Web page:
Security Analyst Kaitātari Whakamarumaru
Security analysts create and monitor security processes and frameworks to protect an organisation's information systems and computer networks from being illegally accessed.
Security analysts may choose to become certified or chartered through associations such as the Institute of IT Professionals.
Security analysts may do some or all of the following:
- analyse risks and security alerts, and identify and manage security breaches
- install and implement hardware and software to prevent unauthorised access to information and networks
- monitor information coming into and leaving organisations, and employees' internet access
- write and enforce security policies
- work with law enforcement agencies to manage security threats
- make employees aware of security issues and their responsibilities as users of information systems.
Security analysts spend a lot of time using computers, so they need to know how to use computer equipment properly to avoid occupational overuse syndrome (OOS).
Useful experience for security consultants includes:
- work in entry-level IT jobs such as information technology helpdesk/support technician
- on-the-job training through IT internships and graduate recruitment programmes
- hacking experience gained through study or hacking conferences
- working on individual IT projects such as setting up your own penetration testing lab or assembling computers.
Security analysts need to be:
- detail-oriented, curious and eager to work in-depth on technical questions
- analytical thinkers and problem solvers
- good at seeing the big picture, to examine problems and solutions from all sides
- interested in continuous learning as they need to keep up to date with fast-changing technology
- skilled communicators.
Security analysts need to have:
- strong analytical and diagnostic skills
- knowledge of computer and network systems, devices and software
- knowledge of security monitoring and how to conduct security investigations
- up to date understanding of internet threats
- knowledge of current IT security standards, practices and methods.
- usually work full time and may also work evenings and weekends, and be on call
- work in offices in conditions that may be stressful when working to strict deadlines whilst responding to security threats
- may travel locally or overseas to meet clients.
A tertiary entrance qualification is needed to enter tertiary training. Useful school subjects include digital technologies, maths, physics and English.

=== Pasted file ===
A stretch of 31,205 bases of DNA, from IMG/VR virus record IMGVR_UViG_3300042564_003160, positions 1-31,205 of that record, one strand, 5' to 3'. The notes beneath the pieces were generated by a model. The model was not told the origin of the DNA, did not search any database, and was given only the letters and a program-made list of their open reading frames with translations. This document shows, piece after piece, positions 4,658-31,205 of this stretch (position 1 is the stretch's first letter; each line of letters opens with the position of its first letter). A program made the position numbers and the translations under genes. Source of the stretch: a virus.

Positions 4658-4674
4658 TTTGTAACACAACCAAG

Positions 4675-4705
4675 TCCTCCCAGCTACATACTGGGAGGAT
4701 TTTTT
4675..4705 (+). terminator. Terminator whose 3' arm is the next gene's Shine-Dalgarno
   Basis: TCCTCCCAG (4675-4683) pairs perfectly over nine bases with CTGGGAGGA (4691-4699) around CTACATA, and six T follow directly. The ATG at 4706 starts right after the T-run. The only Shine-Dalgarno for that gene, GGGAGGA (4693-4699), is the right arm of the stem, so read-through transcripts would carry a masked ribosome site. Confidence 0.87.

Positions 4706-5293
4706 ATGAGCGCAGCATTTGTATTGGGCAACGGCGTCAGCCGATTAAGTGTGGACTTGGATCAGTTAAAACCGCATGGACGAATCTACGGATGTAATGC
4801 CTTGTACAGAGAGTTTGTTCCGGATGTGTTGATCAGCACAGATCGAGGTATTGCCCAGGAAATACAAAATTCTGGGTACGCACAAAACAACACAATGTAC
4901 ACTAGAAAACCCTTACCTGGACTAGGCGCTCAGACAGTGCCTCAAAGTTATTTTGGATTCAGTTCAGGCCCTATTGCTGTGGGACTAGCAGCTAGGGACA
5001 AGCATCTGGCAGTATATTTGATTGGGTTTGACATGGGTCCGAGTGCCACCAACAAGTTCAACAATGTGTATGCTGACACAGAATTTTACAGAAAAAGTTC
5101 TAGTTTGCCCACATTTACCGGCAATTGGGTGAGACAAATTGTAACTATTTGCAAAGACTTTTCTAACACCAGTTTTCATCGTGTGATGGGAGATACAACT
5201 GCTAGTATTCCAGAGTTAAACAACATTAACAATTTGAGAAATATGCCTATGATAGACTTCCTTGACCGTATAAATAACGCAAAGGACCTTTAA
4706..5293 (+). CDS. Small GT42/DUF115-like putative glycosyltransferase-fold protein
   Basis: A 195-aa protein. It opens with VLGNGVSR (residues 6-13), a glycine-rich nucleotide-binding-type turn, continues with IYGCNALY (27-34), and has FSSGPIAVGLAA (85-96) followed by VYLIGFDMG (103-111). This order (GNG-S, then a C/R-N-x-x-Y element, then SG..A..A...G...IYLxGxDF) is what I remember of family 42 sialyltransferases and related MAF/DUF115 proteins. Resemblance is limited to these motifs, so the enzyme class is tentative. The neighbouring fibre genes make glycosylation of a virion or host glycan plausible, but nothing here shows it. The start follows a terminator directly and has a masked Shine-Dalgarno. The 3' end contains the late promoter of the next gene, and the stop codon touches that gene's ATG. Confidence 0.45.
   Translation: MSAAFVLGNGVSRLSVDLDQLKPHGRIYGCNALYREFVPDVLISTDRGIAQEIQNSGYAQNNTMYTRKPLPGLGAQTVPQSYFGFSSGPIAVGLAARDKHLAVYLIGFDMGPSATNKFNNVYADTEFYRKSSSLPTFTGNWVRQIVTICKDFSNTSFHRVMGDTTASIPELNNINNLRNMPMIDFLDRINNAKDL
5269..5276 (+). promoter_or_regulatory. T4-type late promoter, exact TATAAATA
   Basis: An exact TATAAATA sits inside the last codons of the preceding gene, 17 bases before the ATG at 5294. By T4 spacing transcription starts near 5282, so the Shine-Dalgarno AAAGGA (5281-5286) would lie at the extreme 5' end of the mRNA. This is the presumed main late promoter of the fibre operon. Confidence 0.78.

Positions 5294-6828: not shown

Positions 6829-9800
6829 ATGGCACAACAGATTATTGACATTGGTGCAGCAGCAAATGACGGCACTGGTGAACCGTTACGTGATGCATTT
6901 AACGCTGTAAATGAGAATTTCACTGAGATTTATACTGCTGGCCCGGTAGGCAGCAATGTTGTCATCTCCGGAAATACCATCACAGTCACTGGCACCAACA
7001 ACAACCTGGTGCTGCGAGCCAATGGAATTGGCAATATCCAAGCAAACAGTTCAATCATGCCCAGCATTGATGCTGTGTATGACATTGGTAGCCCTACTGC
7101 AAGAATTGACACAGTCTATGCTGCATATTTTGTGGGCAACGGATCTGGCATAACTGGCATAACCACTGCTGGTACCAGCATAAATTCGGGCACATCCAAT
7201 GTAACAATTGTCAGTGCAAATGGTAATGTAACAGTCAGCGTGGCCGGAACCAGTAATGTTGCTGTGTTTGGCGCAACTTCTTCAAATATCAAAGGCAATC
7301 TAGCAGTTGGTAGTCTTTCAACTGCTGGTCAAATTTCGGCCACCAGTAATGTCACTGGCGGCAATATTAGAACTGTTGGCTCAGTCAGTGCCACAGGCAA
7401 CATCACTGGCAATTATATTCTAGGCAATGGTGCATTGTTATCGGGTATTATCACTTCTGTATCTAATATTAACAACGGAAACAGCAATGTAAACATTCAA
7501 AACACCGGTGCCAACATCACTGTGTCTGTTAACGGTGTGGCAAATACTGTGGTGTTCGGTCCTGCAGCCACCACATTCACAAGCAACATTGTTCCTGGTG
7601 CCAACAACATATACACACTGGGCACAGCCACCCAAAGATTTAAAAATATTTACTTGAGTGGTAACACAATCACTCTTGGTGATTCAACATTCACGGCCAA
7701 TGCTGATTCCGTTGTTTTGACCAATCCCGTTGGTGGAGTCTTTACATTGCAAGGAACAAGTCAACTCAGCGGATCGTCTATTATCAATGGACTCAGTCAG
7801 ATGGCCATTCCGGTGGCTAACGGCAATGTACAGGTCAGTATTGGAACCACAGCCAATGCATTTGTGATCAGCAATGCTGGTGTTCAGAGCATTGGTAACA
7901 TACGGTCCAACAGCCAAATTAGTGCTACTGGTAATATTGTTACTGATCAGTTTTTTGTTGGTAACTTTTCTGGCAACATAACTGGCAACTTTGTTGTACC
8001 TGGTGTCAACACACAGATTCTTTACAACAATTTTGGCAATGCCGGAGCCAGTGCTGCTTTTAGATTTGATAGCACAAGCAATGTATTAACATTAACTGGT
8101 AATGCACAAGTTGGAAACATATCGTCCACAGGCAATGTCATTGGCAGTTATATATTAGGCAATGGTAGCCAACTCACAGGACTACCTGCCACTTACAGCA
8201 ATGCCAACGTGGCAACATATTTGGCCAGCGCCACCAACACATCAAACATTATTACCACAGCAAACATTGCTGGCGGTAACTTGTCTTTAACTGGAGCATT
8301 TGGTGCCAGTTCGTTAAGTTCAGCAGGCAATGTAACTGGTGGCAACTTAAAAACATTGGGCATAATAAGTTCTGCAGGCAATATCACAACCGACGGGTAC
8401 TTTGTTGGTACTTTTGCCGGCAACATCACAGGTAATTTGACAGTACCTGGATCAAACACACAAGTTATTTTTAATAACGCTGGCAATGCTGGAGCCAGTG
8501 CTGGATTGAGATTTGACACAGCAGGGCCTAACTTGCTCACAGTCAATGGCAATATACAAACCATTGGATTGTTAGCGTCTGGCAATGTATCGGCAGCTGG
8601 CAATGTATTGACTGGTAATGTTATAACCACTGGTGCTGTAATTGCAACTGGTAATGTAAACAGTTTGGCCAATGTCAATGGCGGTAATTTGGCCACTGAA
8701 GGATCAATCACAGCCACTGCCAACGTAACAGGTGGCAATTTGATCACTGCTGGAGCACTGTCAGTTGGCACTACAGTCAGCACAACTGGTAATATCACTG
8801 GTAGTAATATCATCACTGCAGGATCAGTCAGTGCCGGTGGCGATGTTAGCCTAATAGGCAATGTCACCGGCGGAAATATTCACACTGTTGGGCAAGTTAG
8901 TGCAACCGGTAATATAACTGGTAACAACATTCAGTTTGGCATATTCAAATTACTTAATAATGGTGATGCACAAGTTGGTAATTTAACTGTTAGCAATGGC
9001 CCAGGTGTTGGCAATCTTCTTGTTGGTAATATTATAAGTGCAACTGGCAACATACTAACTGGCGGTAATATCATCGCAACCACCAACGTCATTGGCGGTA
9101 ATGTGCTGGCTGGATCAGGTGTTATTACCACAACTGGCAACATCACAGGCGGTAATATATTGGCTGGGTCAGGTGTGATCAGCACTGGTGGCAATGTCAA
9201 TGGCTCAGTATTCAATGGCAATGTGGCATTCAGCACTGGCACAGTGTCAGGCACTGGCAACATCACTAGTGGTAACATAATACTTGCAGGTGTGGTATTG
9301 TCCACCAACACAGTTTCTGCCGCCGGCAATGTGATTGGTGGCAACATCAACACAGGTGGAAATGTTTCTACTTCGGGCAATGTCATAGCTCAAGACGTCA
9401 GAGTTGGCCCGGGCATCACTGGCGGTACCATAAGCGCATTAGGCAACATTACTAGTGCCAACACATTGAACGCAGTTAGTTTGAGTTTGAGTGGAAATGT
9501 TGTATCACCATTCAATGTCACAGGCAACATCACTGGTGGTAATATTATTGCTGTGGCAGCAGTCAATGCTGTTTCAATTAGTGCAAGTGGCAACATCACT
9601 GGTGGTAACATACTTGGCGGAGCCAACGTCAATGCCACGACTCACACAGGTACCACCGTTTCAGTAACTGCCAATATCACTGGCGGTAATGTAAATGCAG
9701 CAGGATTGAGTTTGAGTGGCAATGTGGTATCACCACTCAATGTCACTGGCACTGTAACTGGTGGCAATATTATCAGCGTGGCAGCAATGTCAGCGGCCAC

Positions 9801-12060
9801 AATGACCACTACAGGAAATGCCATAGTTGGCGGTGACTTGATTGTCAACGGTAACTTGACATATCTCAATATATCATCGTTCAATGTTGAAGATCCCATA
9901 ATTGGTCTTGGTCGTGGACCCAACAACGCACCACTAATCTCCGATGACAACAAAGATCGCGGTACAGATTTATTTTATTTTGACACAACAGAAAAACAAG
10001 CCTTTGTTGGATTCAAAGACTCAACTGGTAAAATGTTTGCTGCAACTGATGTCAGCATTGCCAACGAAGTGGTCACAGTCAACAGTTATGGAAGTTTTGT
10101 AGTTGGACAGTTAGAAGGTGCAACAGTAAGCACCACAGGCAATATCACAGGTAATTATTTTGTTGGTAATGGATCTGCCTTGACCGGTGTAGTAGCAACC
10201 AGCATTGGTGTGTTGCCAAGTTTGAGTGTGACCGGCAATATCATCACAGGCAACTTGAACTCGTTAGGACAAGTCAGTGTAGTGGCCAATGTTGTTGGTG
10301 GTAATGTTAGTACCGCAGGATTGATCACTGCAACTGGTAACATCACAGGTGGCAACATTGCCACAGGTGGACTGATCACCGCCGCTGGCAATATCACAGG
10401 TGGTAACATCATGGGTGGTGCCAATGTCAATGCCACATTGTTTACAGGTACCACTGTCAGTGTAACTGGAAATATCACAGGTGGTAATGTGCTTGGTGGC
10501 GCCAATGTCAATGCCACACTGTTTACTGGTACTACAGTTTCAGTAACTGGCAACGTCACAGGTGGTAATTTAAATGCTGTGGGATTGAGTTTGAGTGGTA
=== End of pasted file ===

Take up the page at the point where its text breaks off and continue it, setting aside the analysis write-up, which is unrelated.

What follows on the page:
For Year 11 to 13 students, the Gateway programme is a good way to gain industry experience.
Security analysts may progress to set up their own business, or move into roles such as:
- security consultant
- security architect
- security manager
- IT project manager
- security director
- chief information and security officer (CISO).
- Security consultant job information
- Information technology manager job information
- Information technology architect job information
Security analysts may specialise in:
- cloud security – protecting data stored on servers hosted on the internet rather than on a local server or personal computer
- internet security – protecting against internet crime, especially unauthorised access to computer systems and data
- mobile security – protecting smartphones and other portable devices, and the networks they connect to, from threats
- network security – protecting the internal computer network of an organisation.
Years Of Training1-4 years of training required.
There are no specific requirements to become a security analyst. However, you usually need one or more of:
- a diploma or degree, preferably in an IT-related subject such as network engineering, computer science or cyber security
- a relevant industry-based certification, such as Certified Information Systems Security Professional (CISSP), which people usually study for after they have IT experience
- three to seven years’ experience in intermediate-level security roles or related roles such as network or systems administrator.
Common ways of gaining IT-related knowledge include learning through online courses and tutorials, and working on your own projects.
If you are a graduate from a field other than IT, you can gain a fast-tracked IT-related qualification through ICT Graduate Schools.